On 23 August, 2013, a chemical gas attack – perhaps the deadliest chemical weapons attack since the Iran/Iraq war- killed as many as a few hundred civilians to well over a thousand (depending on which sources you read). It is still unknown who was behind the attack. Either it was:
- The Syrian government (which Britain holds responsible)
- The Syrian “rebels” (as blamed by the Syrian government)
Both sides belong to factions in a bloody civil war in Syria. Both sides have committed atrocities, and both sides are capable of doing it. So who was right? As I’ve said, it is still unknown. What is known is that the newspapers – and the UK government- had a field day in convincing the British public that it was the Syrian government (the side Britain isn’t on and doesn’t want to win the civil war). There was a vote to see if Britain would “intervene” to side with the rebel group and “overthrow” the Syrian government. This was all before the United Nations had even managed to send an investigative team in to the country to find out who was really behind it.
Sensibly, the British public decided that they didn’t want to intervene in another far away, expensive war; and perhaps they thought it was a little bit alarming that their government wanted to rush in to another military campaign while:
- Britain was still virtually bankrupt from the 2007-08 banking crisis, and slashing public expenditures
- Britain was still fighting in Afghanistan
- The “rebels” includes Muslim radicals, and elements of Al-Qaeda (who hate Britain and the “West”), who are committing extreme human rights violations and could (would) use any weapons Britain gave to them to endanger British lives in the future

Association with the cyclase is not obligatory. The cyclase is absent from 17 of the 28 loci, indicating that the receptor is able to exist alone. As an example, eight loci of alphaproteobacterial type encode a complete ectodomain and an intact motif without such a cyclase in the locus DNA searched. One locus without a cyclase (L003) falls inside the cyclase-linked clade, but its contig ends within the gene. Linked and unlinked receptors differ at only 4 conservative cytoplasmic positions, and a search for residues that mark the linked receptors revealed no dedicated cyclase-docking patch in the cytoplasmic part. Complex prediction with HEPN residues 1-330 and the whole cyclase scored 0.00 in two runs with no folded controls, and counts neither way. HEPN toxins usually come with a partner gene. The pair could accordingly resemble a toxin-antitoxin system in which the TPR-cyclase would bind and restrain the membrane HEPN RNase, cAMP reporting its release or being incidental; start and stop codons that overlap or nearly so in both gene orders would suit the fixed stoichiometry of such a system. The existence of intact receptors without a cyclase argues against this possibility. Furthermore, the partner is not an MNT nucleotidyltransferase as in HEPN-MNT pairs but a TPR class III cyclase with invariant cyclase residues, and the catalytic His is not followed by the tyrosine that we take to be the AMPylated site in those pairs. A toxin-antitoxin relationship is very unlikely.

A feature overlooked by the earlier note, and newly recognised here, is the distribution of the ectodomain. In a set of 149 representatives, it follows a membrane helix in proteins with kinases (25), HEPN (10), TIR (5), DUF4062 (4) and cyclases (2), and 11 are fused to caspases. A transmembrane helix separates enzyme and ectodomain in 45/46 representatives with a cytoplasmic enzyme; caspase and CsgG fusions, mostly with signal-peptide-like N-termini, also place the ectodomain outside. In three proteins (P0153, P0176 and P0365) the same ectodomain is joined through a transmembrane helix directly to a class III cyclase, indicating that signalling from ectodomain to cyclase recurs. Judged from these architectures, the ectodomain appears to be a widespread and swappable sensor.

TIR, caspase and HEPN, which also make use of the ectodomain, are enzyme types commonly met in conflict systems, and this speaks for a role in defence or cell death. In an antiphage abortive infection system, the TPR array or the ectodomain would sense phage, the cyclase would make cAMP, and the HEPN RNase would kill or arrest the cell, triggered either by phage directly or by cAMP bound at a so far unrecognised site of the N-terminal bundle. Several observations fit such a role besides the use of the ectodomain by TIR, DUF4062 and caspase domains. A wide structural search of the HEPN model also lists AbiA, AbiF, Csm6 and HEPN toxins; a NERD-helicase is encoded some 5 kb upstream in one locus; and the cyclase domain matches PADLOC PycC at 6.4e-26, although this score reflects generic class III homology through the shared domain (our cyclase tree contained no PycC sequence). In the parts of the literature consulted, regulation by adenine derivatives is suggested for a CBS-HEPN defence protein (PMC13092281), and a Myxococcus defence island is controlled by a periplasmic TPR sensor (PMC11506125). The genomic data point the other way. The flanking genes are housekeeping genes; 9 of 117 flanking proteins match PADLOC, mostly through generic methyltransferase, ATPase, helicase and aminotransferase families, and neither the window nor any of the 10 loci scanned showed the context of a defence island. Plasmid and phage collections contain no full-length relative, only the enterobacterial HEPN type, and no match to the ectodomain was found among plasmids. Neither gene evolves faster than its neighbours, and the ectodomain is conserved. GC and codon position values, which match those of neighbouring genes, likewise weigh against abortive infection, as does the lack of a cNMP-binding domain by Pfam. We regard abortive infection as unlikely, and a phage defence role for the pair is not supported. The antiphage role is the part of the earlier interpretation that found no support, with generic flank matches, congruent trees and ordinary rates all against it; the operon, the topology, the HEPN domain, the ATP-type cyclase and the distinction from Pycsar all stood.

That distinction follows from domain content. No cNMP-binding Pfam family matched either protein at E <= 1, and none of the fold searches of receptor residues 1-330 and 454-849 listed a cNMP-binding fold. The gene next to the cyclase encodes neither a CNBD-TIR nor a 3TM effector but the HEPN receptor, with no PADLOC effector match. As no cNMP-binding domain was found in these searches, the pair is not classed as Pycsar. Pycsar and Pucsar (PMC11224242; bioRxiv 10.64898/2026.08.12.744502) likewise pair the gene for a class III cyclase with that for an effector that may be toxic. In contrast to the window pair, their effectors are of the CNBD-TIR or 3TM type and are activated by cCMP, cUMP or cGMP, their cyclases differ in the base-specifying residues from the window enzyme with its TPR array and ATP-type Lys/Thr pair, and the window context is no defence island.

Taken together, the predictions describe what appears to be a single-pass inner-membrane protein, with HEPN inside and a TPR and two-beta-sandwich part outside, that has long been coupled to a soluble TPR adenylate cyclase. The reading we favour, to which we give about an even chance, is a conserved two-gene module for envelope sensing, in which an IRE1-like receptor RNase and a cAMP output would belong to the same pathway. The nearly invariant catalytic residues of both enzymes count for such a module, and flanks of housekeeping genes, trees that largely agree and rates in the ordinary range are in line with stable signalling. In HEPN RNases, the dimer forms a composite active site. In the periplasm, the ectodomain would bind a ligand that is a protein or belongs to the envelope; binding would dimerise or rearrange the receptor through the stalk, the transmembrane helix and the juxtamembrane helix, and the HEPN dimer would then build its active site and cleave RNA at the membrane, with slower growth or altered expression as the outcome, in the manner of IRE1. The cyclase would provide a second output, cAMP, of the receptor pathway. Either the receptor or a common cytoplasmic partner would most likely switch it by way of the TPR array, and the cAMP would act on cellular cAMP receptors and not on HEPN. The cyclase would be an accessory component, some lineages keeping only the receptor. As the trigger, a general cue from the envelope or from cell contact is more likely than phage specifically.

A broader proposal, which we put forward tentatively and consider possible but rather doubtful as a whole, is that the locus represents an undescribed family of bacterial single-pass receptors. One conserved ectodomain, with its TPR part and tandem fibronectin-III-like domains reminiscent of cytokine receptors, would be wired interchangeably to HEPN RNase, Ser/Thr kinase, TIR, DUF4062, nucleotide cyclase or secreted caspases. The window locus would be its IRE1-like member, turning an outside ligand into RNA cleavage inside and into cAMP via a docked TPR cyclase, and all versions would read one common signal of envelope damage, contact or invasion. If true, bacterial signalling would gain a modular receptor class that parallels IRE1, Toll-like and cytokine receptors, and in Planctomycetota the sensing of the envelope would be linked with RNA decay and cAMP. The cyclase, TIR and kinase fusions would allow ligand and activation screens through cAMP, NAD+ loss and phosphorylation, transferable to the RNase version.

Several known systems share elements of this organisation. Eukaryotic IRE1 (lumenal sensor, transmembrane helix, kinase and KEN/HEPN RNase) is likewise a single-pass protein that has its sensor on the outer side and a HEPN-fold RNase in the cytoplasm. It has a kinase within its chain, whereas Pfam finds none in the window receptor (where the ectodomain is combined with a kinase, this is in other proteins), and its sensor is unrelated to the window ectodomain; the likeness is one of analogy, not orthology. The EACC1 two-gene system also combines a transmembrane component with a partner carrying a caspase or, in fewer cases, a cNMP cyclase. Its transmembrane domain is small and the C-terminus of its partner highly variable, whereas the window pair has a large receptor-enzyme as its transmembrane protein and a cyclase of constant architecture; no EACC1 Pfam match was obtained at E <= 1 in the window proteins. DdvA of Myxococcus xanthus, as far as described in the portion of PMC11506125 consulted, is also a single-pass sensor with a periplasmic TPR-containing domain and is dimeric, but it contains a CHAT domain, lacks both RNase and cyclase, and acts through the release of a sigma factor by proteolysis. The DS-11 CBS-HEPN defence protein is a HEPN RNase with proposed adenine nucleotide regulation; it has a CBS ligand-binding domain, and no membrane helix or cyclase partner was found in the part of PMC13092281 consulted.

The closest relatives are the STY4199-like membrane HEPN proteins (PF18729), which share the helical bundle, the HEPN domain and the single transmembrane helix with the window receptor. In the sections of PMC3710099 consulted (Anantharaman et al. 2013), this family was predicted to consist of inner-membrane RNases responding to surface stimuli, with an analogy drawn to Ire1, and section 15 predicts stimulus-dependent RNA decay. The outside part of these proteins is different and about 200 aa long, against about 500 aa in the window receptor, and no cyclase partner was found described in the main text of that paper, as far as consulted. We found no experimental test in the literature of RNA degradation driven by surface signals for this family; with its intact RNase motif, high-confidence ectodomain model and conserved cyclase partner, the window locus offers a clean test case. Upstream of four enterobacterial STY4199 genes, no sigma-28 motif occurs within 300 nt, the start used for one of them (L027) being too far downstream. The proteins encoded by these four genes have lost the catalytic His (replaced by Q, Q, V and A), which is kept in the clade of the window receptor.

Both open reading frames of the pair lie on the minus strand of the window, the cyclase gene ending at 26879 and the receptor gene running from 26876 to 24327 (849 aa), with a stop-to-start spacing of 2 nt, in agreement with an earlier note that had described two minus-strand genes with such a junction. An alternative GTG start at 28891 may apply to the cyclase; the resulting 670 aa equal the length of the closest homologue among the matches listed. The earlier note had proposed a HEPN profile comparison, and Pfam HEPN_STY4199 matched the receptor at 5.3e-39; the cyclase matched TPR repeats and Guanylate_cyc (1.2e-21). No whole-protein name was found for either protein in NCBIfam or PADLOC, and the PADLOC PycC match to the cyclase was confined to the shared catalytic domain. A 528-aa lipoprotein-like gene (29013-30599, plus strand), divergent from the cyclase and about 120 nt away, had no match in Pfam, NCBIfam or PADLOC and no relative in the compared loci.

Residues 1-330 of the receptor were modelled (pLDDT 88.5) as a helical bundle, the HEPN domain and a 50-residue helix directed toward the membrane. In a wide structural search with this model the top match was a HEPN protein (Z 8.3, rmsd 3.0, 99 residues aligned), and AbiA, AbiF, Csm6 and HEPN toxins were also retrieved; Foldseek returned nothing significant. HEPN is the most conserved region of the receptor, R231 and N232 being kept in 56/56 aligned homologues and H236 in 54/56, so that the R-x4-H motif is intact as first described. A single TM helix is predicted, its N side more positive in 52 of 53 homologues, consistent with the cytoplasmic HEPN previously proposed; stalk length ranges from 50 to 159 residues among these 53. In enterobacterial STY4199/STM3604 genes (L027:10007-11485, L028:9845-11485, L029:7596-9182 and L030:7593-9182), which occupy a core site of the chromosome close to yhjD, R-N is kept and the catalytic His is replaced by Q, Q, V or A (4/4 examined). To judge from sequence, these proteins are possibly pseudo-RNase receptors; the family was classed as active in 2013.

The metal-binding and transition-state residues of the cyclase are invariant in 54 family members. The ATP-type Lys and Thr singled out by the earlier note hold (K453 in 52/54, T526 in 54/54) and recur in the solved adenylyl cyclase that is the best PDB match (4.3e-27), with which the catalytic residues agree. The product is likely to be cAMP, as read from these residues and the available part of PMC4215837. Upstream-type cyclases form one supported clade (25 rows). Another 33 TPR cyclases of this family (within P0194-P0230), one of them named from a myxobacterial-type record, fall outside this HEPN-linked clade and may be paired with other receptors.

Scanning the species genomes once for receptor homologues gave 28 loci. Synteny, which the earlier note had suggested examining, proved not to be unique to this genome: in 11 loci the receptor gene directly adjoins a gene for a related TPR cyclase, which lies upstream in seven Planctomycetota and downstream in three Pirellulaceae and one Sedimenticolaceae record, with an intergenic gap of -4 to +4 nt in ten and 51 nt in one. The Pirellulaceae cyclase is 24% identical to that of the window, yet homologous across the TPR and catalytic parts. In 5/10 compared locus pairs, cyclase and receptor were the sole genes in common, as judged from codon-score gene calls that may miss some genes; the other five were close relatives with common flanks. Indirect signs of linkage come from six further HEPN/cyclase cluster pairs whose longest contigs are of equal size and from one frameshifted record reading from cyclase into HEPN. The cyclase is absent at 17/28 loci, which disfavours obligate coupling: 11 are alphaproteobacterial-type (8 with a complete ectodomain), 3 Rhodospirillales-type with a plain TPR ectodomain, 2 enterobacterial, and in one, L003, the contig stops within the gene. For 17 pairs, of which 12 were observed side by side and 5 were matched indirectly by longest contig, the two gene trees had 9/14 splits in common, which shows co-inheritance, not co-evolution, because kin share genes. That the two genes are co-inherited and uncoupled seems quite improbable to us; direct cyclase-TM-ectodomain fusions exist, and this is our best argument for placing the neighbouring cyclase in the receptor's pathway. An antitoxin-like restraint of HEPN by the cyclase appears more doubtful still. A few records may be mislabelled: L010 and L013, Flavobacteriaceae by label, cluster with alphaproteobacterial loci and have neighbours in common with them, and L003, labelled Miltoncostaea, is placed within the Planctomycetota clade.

This is one case study. Fortunately it seems the British public were not fooled by the unsubstantiated slush churned out by the tabloids and the news reports, and to the relief of three-quarters of the population, an intervention never happened. Even when informed that such a stance could damage the so-called “special relationship” between the USA and the UK, the British public said they didn’t care. But this may be because the public are war-weary, not because they haven’t been influenced by the opinions of the tabloid press.
The worrying thing is, Britain could very easily have tumbled in to another conflict. The media continue to beat the drums of war, just as they did prior to the invasions of Iraq and Afghanistan. We are seeing the same things again, today, in light of the Malaysian Airlines plane that was shot down over Ukraine by “Putin’s rebels”.
Nobody knows as of yet, who was responsible for the shooting. All is known is that the plane was shot down, not who shot it down. And everyone is finger pointing at everybody else. The Western media is again using this to send a message it wants its subjects to hear: this time to smear Vladimir Putin with a dark brush. Maybe Putin did; maybe he didn’t. But this speculation, and these (as of yet) unsubstantiated claims can be a dangerous catalyst designed to fire up public support for whatever the media and the government wants. Who owns the media anyway? (Refer back to my article on Carl Sagan “The Conspiracy Theorist” for more.)
Speculation isn’t even news anyway. Tell us who shot the plane down when you know who shot it down. At least don’t finger point and agenda-set until you have a valid claim to do so.